We are created to create.  I love to communicate through illustration, just as the saying goes ‘a picture is worth a thousand words.’ The moment I put paintbrush to paper the world around me stops.  Being able to express my thoughts and feelings on a blank canvas is the most rewarding feeling.  One simple, understated design can progress into something rather beautiful.

21751522_1628031700575073_7083858989818446335_n

So, discover what you are good at and make it work for you. Exercise your talents and remember stay true to who you are. Authenticity is an extremely attractive characteristic; only you can determine your own success!

Kathryn x

Kathryn Bigger is a third year student on the BSc in Communication Management & Public Relations at Ulster University. She is currently undertaking her placement year at Marks Design Collective. Kathryn can be contacted on: Instagram – the_fashion_fairypr / Twitter – @KatieB_05 / LinkedIn- Kathryn Bigger.

 

 

Here’s How To Get a Job in PR – Reason #4 Will Shock You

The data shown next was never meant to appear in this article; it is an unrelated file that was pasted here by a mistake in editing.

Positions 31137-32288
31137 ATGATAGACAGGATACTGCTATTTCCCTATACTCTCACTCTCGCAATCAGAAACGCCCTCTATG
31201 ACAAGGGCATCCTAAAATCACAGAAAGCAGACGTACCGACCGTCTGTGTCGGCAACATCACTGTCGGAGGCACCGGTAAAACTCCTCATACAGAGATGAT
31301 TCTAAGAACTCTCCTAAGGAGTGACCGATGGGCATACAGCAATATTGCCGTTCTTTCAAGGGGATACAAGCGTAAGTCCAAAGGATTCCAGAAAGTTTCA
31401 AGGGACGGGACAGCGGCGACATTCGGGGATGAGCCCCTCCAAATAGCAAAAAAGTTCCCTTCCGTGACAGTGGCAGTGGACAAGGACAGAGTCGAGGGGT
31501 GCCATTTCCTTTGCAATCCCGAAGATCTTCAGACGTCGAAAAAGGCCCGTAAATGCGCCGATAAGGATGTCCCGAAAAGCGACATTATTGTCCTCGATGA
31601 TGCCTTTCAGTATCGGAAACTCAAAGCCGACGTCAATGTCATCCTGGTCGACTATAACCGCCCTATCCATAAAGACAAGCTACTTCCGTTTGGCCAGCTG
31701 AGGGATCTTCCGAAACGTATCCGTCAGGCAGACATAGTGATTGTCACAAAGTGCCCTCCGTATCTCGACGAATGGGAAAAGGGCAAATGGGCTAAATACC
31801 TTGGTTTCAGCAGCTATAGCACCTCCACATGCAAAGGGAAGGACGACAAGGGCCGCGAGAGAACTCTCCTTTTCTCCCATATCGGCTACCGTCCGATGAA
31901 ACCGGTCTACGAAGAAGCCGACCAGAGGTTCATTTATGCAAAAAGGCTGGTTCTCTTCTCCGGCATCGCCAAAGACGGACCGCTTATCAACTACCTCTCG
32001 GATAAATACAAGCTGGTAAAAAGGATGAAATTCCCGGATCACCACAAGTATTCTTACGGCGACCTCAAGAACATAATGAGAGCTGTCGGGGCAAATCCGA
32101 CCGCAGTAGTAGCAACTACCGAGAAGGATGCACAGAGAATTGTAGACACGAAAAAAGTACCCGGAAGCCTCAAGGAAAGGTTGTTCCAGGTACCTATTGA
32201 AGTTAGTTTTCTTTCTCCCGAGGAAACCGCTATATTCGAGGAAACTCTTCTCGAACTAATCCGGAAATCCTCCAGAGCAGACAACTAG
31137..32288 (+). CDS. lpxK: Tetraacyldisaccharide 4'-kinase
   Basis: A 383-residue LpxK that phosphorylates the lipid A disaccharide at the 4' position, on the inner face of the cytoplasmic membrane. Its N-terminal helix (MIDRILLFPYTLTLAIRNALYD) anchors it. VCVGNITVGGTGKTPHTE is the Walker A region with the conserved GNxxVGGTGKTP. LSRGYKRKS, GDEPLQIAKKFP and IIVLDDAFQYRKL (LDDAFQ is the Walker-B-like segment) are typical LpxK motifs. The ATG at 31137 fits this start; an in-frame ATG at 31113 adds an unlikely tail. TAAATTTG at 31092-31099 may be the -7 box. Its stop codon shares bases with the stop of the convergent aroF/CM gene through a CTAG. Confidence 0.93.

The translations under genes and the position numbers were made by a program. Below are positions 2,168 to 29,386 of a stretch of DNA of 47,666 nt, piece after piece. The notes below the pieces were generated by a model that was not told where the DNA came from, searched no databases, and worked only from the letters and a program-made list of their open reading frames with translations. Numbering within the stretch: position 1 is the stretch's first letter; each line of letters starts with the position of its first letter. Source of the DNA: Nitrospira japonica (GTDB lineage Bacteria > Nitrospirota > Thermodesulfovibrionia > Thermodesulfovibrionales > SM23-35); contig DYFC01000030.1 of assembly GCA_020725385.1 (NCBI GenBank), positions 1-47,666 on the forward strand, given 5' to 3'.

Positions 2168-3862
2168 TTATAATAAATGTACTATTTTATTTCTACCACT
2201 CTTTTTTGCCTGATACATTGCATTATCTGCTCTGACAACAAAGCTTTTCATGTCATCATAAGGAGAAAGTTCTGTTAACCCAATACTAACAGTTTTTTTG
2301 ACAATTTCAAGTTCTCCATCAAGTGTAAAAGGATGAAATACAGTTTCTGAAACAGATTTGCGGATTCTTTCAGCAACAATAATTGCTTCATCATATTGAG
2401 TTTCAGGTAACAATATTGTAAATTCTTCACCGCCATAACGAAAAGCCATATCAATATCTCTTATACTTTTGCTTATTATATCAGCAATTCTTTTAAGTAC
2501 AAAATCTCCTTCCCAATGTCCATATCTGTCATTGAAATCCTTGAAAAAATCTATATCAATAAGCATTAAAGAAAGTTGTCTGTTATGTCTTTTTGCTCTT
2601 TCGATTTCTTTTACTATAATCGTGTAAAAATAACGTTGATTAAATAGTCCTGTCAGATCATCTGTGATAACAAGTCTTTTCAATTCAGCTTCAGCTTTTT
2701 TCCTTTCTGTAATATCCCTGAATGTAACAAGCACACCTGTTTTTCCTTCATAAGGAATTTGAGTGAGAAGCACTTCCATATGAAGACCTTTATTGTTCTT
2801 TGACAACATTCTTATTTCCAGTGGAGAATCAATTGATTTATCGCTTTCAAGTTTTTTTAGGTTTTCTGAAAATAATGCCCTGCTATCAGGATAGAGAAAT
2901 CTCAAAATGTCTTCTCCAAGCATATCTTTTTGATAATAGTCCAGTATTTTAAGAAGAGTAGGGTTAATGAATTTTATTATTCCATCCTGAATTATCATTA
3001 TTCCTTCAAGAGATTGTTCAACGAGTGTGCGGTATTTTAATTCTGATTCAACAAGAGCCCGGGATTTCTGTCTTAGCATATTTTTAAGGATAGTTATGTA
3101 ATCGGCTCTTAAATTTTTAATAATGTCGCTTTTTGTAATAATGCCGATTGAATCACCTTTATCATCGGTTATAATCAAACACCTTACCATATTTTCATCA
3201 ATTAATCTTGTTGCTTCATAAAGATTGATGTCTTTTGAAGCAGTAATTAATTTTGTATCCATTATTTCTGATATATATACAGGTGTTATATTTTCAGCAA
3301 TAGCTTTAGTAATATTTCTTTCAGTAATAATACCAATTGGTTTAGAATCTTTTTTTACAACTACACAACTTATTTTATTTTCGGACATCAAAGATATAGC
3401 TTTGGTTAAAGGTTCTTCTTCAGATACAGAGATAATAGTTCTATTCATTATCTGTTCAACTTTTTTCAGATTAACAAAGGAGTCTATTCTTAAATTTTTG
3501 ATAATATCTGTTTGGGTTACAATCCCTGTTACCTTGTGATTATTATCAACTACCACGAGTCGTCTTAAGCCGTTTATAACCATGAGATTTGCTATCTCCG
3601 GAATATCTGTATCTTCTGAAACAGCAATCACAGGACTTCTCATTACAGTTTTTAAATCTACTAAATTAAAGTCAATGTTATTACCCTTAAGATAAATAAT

1. Apply for a job in PR
  2. Go To The Interview
  3. Smash The Interview
  4. Pretend to be a man because according to a recent survey they still get paid more for doing the same job. See, number 4 was genuinely shocking, I’ll be covering the CIPR State of the Profession next and go into detail. (See Figure 1.)
  5. Accept Job In PR
pr_gap
Figure 1 – CIPR State of the Profession 2016

Well, now you’re here you may as well read the rest. You can skip to the TL;DR at the bottom if you don’t want to.

Everyone seems to start these things with a bit of background of themselves, so here it goes. My name’s Anthony, I was on placement at a fantastic company (don’t let them know I said that), I’ve done work experience at leading PR agencies (or so they tell me), I’m a CIPR Student Ambassador annnnnnnd I still don’t know why I’m studying Public Relations. Go figure eh? I hear you say, “obviously you know why you’re studying PR, you picked it didn’t you?” (maybe you didn’t say that, but let’s assume you did). Yeah, I did. Originally, I picked Business Economics with Marketing, then I changed my mind picked Communication, Advertising & Marketing, got accepted, changed my mind and picked PR because it seemed more fun. In hindsight, both CAM and PR are really the same but PR has a bit of politics involved. I was, still am, concerned with having fun and enjoying what I do with making money being a nice benefit too.

pug_801826_1280